British Christians in Rome Before Paul Ever Arrived
The Picture Above Is Where Paul Preached In Rome
The average Christian will be simply astounded with the content of this brochure. There are two major points which will amaze them: (1) the fact that there were already converted Christians in Rome before Paul ever arrived there, and (2) that the edifice where Paul preached in Rome still stands. There are a few informed Christians, however, who are aware of these two facts. You may be somewhat skeptical of these two concepts, but corroborating historical evidence will be supplied here.
First I shall give the reader the historical background surrounding the above picture, and much of the evidence which I will show comes from the book The Drama of the Lost Disciples, by George F. Jowett, hereinafter designated TDOTLD. On page 125 we find the following:
“The church still stands and can be seen in what was once the palatial grounds of the Palatium Britannicum, a memorial to the Christianizing endeavors of St. Paul and the expatriate (exiled) royal British family at Rome with Rufus Pudens. The church is recorded in Roman history under four different names: 1. Palatium Britannicum; 2. Titulus; 3. Hospitium Apostolorum; 4. Lastly, as St. Pudentiana in honour and memory of the martyred daughter of Claudia Pudens, by which name it is known to this day.”
What most people have never been told is that Joseph of Arimathea made it to Britain five short years after the Passion and set up a Church at Glastonbury. Claudia Pudens, who was born a British Princess, and others of her family were converted to Christianity under Joseph. I was quite surprised to find confirmation on this from The World Book Encyclopedia, vol. 6, page 246 under the topic “England” and the sub-topic “The Roman Conquest”, saying in part: “... During the Roman period, Christianity came to Britain for the first time. According to legend, Joseph of Arimathea traveled to England shortly after Christ’s death with the Holy Grail, the cup Jesus used at the Last Supper.” I know it says “legend” here, but with the historical evidence I will present, one shall see that it may be given much greater credence.
We learn more about Claudia Pudens and her family from TDOTLD on page 124: “From the swiftness of the events that followed it is seen that St. Paul lost no time in putting into action his bold plan to erect at Rome, on an indestructible foundation, the first Christian Church among Gentiles [sic nations] above ground. This was the first need and was made possible by a bold act of the British royal family, Claudia and Pudens, in donating their home, the Palace of the British, to be openly declared to be the established Christian Church at Rome. ... This was the birth of the first Church of Christ above ground at Rome. ...”
From TDOTLD, p. 125: “Linus, the son of Caractacus, who had remained at Rome, had long before been baptized and confirmed by St. Joseph of Arimathea in Britain. He was a priestly instructor. It was Linus whom St. Paul chose and personally consecrated to be the First Bishop of the Christian Church at Rome. A Prince of the royal blood of Britain, he is the same Linus whom St. Paul addressed in his Epistles.” To bring more information to our story, I will now quote from the book Father Abraham’s Children, by Perry Edwards Powell, Ph. D., pages 105-107:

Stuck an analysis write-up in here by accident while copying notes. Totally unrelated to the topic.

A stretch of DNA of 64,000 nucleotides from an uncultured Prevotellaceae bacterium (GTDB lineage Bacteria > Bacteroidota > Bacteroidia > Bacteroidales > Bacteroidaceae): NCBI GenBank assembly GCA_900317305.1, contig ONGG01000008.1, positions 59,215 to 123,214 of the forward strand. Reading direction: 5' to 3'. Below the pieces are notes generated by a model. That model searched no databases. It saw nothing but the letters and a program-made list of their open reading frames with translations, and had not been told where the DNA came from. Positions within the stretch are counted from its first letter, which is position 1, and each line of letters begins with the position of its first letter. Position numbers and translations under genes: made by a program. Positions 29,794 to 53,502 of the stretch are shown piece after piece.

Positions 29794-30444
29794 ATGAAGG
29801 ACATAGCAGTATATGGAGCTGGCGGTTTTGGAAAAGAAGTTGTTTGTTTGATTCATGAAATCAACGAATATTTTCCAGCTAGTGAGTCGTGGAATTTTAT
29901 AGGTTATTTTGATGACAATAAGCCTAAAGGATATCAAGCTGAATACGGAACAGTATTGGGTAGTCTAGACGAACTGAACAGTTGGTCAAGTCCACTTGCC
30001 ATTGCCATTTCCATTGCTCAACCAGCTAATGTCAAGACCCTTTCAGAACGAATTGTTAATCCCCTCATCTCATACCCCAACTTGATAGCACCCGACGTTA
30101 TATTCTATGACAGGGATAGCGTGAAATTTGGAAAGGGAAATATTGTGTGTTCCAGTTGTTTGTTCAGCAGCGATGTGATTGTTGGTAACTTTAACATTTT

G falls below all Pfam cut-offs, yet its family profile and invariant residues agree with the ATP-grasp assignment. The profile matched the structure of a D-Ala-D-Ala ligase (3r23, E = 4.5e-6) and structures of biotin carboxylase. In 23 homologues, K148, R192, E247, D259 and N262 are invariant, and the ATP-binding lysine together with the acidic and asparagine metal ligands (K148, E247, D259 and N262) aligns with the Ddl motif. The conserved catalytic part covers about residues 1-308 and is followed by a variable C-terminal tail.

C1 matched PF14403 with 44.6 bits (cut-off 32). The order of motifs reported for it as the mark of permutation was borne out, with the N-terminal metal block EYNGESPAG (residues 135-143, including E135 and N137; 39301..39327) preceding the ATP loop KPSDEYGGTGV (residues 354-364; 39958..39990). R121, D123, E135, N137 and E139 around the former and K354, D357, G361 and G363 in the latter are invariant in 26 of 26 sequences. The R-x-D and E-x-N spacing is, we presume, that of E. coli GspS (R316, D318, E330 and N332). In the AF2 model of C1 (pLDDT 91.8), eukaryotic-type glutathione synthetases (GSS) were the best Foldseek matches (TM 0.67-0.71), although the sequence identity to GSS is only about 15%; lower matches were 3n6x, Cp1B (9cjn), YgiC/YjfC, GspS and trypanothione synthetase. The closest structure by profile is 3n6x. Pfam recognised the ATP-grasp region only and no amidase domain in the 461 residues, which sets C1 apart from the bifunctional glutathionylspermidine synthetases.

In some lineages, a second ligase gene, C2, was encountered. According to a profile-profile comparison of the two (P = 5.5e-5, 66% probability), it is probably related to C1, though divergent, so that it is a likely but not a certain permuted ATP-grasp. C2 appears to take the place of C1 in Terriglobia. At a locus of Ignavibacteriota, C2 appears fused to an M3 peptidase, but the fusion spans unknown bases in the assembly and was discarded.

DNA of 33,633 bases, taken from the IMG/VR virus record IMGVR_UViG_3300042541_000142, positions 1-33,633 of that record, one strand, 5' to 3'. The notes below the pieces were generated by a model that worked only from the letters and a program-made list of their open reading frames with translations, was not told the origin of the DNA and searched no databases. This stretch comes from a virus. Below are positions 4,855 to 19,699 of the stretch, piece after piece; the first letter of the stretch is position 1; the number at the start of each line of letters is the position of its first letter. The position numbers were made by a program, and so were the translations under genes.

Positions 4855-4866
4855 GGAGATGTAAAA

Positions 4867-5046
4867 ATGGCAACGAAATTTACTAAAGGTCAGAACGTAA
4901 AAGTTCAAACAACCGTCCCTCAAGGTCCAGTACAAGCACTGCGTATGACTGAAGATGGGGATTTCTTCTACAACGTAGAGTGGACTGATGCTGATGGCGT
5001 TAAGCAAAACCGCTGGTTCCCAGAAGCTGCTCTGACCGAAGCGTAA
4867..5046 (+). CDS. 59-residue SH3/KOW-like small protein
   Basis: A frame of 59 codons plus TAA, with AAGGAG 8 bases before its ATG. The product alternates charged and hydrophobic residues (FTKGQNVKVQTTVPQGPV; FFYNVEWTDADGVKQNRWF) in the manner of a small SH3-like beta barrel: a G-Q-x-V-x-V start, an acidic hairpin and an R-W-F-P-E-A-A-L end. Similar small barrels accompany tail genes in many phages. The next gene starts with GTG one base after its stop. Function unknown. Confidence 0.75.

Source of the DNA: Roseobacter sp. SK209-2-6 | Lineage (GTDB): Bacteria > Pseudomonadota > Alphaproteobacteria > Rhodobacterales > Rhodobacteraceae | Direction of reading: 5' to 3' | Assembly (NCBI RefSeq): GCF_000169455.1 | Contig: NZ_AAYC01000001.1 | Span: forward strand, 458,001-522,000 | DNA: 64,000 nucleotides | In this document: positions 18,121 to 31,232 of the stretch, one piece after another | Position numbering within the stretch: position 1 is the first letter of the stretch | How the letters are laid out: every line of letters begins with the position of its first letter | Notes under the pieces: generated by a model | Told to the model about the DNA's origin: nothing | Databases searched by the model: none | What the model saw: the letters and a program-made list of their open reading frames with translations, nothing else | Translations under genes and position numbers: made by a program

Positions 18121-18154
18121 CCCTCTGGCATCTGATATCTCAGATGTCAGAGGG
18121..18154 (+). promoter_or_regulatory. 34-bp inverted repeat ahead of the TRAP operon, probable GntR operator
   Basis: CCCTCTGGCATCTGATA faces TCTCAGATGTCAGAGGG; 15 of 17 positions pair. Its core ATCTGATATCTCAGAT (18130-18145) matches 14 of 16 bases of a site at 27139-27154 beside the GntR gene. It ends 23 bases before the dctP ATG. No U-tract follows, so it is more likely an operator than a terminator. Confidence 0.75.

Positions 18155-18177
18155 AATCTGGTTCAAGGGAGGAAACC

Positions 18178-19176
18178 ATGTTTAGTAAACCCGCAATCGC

“At the dawn of the Christian era the dark shadow on the horizon was Rome. What would be her attitude? Really the Cymry provoked the attack according to both Caesar and the Druidic Triads. In the days of Caesar the Roman proconsul, Lucius Valerius Praeconinus, was routed by the ‘second silver host’ of the Cymry at Tolosa, Aquitania, and the consul, Lucius Manilius, lost all his commissariat (food supply) and in addition was ingloriously compelled to retreat.
“When this stunning news reached Julius Caesar he turned on the Veneti of Vendaeans, whose navy had been used by the Cymry or Britons and who enjoyed a flourishing trade with Great Britain. This led to the first invasion of the Island on 5 August 55 B.C. This campaign got only seven miles into the island, lost one battle, and had the camp attacked by the victorious islanders ...
“The second campaign came the next year and lasted from 10 May to 26 September 54 B.C., and got as far as seventy miles from shore when Caesar was compelled to make peace at Gwerddlan or St. Albans on account of the bad news from the continent as well as the triumphant resistance of the Cymry ... Caesar left to reconquer Gaul and to subdue the Roman Empire for his family. He never returned. His enemies at Rome taunted him in the words of Lucan:
“‘With pride he sought the Britons, and when found,
Dreaded their force, and fled the hostile ground.’
“Now appears the second war of British Independence and it was longer and more stubborn. Rome at this time had consolidated her empire everywhere, in Asia, in Africa, and in all Europe. Her boundaries were entirely free of any invading foe. Her whole military force was at her command anywhere she desired. Her population was at this time 120,000,000 people of Caucasian or semi-Caucasian blood. The Caesars were sitting securely upon the throne. Everything was propitious for an easy conquest and a glorious victory. Caligula played the buffoon and we pass him by.
“But we must give serious consideration to Emperor Claudius. He acts the part of a very capable leader. Rome had the benefit, sorry to say, of treason on the part of some Reguli of the Britons. Under the emperor were the greatest generals, Plautius, Vespasian, later Emperor, his son, Titus who during one battle rescued his father from death, also later an emperor, and Cneius Geta. All were proven by being successful in other campaigns against other peoples.
“On the defensive side was Guiderius, who fell early, but a very efficient general. Immediately Caradoc, (the Latin Caractacus) ... King of the Silures, was unanimously elected Pendragon of all Britain. The Cymry stubbornly held off the Roman legions so accustomed to victory. Appeals for help reached Emperor Claudius in the imperial city and he left for the imperiled front with the second and fourteenth legions, their auxiliaries, and a cohort of elephants which were designed to break the charges of the Briton chariot with its scythe attached axle ... Nevertheless the war continued. In order to see the severity of the fighting in seven years there were about thirty-five battles. Treachery and heroism appeared.”